Barbara V. Garner had an automobile insurance policy with Government Employees Insurance Company with comprehensive coverage, the effective dates of the policy being August 20, 1970 to August 20, 1971. On August 30, 1971, her automobile was stolen and recovered in a damaged condition, and upon refusal of the insurer to pay, she brought an action under the policy based upon the provisions of 56-2430.1 (C) of the Georgia Insurance Code, which, as last amended by Section 3 of the Act approved April 10, 1971 (Ga. L. 1971, pp. 658, 660) provides in part: "(C) (1) No insurer shalt fail to renew a policy to which this section applies unless a written notice of. nonrenewal is mailed or delivered to the named insured, at the address shown on the policy, at least 20 days prior to the expiration date of the policy, . . .", and "(2) This subsection shall not apply . . . (c) if the insurer has manifested its willingness to renew by delivery a renewal policy, renewal certificate or other evidence of renewal to the named insured or his representative or by offering to issue a renewal policy, certificate or other evidence of renewal, or has manifested such intention by any other means." The jury returned a verdict in favor of Barbara V. Garner in the total amount of $4,274.23, which included $1,786.85 the principal sum, $46.71 bad faith penalty and $2,180.97 attorney fees, less a set-off of $140.30 due as premium under the policy. Barbara V. Garner appealed to this court from an order of the trial judge reducing the amount of the verdict and judgment by the amount of attorney fees and the penalty, and the Government Employees Insurance Company appeals from that portion of the judgment granting recovery against it and denying its motion for judgment non obstante veredicto. Held:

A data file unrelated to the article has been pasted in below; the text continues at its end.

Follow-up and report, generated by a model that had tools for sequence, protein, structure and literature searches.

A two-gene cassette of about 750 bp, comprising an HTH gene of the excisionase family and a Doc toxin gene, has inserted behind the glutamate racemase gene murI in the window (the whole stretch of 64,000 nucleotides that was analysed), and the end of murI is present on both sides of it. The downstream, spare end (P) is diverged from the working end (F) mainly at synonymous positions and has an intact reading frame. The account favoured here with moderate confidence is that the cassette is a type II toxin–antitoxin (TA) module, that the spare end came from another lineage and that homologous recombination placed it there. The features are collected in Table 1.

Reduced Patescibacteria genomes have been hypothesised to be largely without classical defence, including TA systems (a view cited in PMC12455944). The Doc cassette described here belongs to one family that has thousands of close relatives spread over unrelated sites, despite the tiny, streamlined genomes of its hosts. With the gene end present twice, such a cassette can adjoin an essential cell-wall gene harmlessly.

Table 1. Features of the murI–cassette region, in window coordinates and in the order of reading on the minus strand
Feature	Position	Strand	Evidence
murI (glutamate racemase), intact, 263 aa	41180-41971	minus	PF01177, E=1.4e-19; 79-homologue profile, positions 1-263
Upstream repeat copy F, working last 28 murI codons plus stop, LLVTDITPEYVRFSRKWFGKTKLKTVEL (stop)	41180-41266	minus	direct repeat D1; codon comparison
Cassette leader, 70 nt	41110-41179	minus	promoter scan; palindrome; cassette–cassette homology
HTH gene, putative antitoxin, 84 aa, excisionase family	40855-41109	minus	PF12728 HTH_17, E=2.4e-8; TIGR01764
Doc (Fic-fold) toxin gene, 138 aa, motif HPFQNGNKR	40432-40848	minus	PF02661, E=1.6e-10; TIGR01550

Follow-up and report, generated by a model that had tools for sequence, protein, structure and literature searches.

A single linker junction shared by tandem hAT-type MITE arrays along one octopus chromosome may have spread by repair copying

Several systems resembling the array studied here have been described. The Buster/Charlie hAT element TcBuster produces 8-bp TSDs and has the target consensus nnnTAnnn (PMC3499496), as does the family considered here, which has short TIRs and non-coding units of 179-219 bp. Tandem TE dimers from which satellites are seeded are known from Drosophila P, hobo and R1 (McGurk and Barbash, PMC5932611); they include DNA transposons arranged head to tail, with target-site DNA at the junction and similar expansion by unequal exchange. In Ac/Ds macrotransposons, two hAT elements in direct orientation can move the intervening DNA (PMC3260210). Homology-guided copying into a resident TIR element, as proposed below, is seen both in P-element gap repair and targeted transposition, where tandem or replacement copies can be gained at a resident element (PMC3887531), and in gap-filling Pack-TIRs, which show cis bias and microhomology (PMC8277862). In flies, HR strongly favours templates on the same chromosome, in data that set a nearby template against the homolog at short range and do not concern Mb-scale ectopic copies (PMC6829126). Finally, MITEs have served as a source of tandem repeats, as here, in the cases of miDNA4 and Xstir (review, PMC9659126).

1. Is a policy automatically renewed in the event of failure on the part of the insurer to mail the required notice of intention not to renew, or to comply with the subsequent provisions preventing application of the first sentence of the section? Unless it has such effect, the section would be meaningless; so we agree with the parties who have taken the same position on the appeals.